A former TikTok content moderator has filed a lawsuit against the site, stating that parent firm ByteDance fails to protect moderators’ mental health from a near-constant barrage of distressing material.
Candie Frazier claims she spent 12 hours a day filtering videos submitted to TikTok for a third-party contracting agency called Telus International, according to a proposed class-action lawsuit filed in the California Central District Court. Frazier claims to have seen “thousands of acts of intense and graphic violence” during that time, including mass shootings, child rape, animal mutilation, cannibalism, gang murder, and genocide.
Frazier claims that in order to deal with the massive amount of content submitted to TikTok every day, she and her coworkers had to watch three to ten videos at the same time, with new films loading in every 25 seconds. Moderators are only given one 15-minute break during the first four hours of their shift, with subsequent 15-minute breaks every two hours. According to the lawsuit, ByteDance regularly monitors performance and “heavily penalizes any time spent away from watching explicit movies.”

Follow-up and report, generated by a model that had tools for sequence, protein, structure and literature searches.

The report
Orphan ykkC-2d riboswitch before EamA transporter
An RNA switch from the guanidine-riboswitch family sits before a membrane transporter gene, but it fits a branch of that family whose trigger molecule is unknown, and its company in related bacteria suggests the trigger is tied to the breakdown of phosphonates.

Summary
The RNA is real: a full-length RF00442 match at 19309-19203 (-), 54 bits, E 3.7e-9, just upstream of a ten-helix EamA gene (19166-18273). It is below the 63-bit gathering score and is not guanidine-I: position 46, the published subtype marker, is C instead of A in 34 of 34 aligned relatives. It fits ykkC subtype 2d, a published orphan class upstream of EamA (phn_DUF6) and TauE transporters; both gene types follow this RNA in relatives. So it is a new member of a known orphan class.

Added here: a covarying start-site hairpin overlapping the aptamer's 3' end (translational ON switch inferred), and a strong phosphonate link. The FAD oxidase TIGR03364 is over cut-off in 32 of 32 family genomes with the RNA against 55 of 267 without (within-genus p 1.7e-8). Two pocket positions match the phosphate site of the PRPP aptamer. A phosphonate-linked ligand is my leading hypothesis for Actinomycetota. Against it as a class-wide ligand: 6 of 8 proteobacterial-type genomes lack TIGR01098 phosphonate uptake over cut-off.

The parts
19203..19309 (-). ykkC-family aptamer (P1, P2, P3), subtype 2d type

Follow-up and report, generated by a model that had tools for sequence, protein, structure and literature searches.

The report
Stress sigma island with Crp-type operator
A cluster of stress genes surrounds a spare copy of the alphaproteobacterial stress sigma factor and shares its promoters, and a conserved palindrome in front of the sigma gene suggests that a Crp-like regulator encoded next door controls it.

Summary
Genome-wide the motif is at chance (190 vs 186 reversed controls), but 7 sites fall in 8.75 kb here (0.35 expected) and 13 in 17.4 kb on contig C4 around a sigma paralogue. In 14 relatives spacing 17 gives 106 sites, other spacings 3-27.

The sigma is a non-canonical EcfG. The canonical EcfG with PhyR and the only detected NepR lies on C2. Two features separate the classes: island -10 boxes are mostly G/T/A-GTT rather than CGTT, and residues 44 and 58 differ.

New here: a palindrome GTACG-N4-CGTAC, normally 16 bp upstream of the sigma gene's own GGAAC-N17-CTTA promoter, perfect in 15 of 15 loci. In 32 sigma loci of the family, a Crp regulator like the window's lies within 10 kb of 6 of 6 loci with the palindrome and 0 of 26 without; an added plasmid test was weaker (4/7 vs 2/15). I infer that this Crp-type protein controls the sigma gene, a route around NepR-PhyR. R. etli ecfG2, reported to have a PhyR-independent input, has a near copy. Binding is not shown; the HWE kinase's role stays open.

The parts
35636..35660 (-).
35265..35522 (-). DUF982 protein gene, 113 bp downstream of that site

According to the complaint, TikTok and its partners failed to fulfill industry-recognized standards aimed at mitigating the negative effects of content filtering. More frequent breaks for moderators, psychological assistance, and technical precautions such as blurring or decreasing the quality of recordings under review are among them.
Frazier claims she has undergone “serious psychological trauma” as a result of her profession, including despair and anxiety and PTSD symptoms. Frazier has “difficulty sleeping, and when she does sleep, she has awful dreams,” according to the lawsuit. She frequently lies awake at night, unable to fall asleep, reliving films in her thoughts. She suffers from acute and incapacitating panic episodes.”
The evidence in Frazier’s case is consistent with stories of content moderators working (indirectly) for other major digital corporations such as Facebook, YouTube, and Google. The appalling working circumstances that these moderators face — a workforce that is critical to the profitability of some of the world’s largest corporations — have come under increased scrutiny in recent years. Despite the heightened attention, reports like Frazier’s imply that working circumstances for moderators are still extremely difficult.
Frazeri’s case was filed by the Joseph Saveri Law Firm in California, which had previously brought a similar claim against Facebook moderators in 2018. In that instance, Facebook agreed to pay $52 million to its content moderators as a settlement.
In a response to The Verge, TikTok spokesperson Hilary McQuaide stated, “While we do not comment on pending litigation, we endeavor to establish a compassionate working environment for our employees and contractors.” “Our Safety team collaborates with third-party businesses to assist secure the TikTok platform and community, and we continue to build on a range of wellness programs to ensure that moderators are psychologically and emotionally supported.”